Under this $1.3 billion agreement, Saudi Aramco would transfer its entire Vela fleet — 14 double-hull very large crude carriers (VLCCs), one VLCC used as a floating storage; five refined products carriers; all Vela’s ship-based cadres and some of its land-based personnel; and a part of its operations systems — to Bahri, which would then have a 77 vessel fleet.
Under the long-term shipping contract, Bahri will become the exclusive transporter of crude oil sold by Saudi Aramco on a delivered basis via VLCCs. Under the terms of the agreement, Bahri will enjoy protected rates when global shipping rates sink below an agreed minimum. If shipping rates exceed agreed upon limits, Bahri will compensate Saudi Aramco for amounts previously paid to Bahri when shipping rates were below the floor.
Bahri will meet Saudi Aramco’s future shipping requirements, estimated at 50 VLCCs, by guaranteeing the availability of Bahri’s owned 31 VLCC fleet and chartering other vessels on an as-needed basis.
Bahri and Vela further agreed to discuss provisional arrangements for operating Bahri’s VLCCs as part of Saudi Aramco’s VLCC Crude Transportation Program. Such arrangements will take effect from Jan. 1, 2013.
Under this agreement, Saudi Aramco will indirectly own 78,750,000 new shares issued by Bahri, representing 20 percent of Bahri’s post-issue market capitalization, and will have fair representation on Bahri’s Board of Directors.
Saudi Aramco and its subsidiaries will continue to manage all crude oil marketing and sale operations directly with its clients while Bahari will provide Saudi Aramco with reliable shipping services. The two parties will explore additional opportunities to expand their cooperation.
Among the signatories for Saudi Aramco and its affiliates were Khalid G. Al-Buainain, Saudi Aramco’s senior vice president of Engineering, Capital and Operations Support and Vela’s chairman; Motassim A. Al-Ma'ashouq, vice president for New Business Development; Ibrahim Al-Buainain, manager for New Business Development; and Said Al-Hadrami. Signatories for Bahri included Abdullah Al-Rubi’an, Bahri’s chairman; Saleh Al-Jasser, Bahri’s executive president; and Muhammad Al-Otaibi, chief of Financial Affairs.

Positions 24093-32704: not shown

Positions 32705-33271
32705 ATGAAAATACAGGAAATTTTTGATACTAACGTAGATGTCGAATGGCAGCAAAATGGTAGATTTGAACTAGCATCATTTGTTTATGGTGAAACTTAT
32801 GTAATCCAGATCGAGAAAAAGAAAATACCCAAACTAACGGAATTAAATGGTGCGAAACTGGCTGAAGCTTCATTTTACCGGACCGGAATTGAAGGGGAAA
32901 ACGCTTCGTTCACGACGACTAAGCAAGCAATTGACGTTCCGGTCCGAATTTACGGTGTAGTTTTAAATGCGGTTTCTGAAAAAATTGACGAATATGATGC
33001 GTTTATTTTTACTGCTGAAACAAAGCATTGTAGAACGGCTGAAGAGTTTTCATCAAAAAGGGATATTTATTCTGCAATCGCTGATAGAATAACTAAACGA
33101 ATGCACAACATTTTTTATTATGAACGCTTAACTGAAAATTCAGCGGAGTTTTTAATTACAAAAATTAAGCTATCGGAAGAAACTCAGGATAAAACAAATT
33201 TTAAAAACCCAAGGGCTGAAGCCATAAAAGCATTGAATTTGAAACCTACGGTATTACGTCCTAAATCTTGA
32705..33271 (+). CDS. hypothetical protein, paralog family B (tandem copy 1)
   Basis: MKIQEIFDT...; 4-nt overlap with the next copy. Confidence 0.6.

In a speech preceding the signing of the transaction agreements, Saudi Aramco President and CEO Khalid A. Al-Falih said, “I am not exaggerating when I say that this merger represents a living and practical example in which two of the Kingdom’s pioneering companies in commercial success and reputation for excellence in their areas of business join hands to earn the Kingdom a major economic benefit,” Al-Falih said.
“A partnership of this size gives us greater ability to compete in world markets for maritime transport. It also gives us an excellent opportunity to attain greater efficiencies and reduce operation and maintenance and overhead costs by combining the two companies’ human, technical and financial resources," Al-Falih said.
“At the same time, the economic benefits of the integration of Vela and Bahri include superb investment opportunities in ship maintenance services and other support services in the Kingdom,” Al-Falih said. “In turn, this will help create new training and employment opportunities needed by Bahri and the marine services sector, which will grow in tandem with the birth of this new national champion with its huge size and resources. The merger will also serve other strategic sectors which depend on maritime shipping as a major means of export and import, such as the petrochemicals and the mining sectors, therefore providing such sectors with increased agility that will positively affect the national economy’s prosperity and faster and wider growth.”
Bahri chairman Abdullah Al-Rubaian said, “I would like to extend my utmost gratitude to our partners in Saudi Aramco and Vela for their support and commitment to the conclusion of this merger, which stands witness to the two giant companies’ clear insight and solid and clear commitment to the support of the Kingdom’s economy.”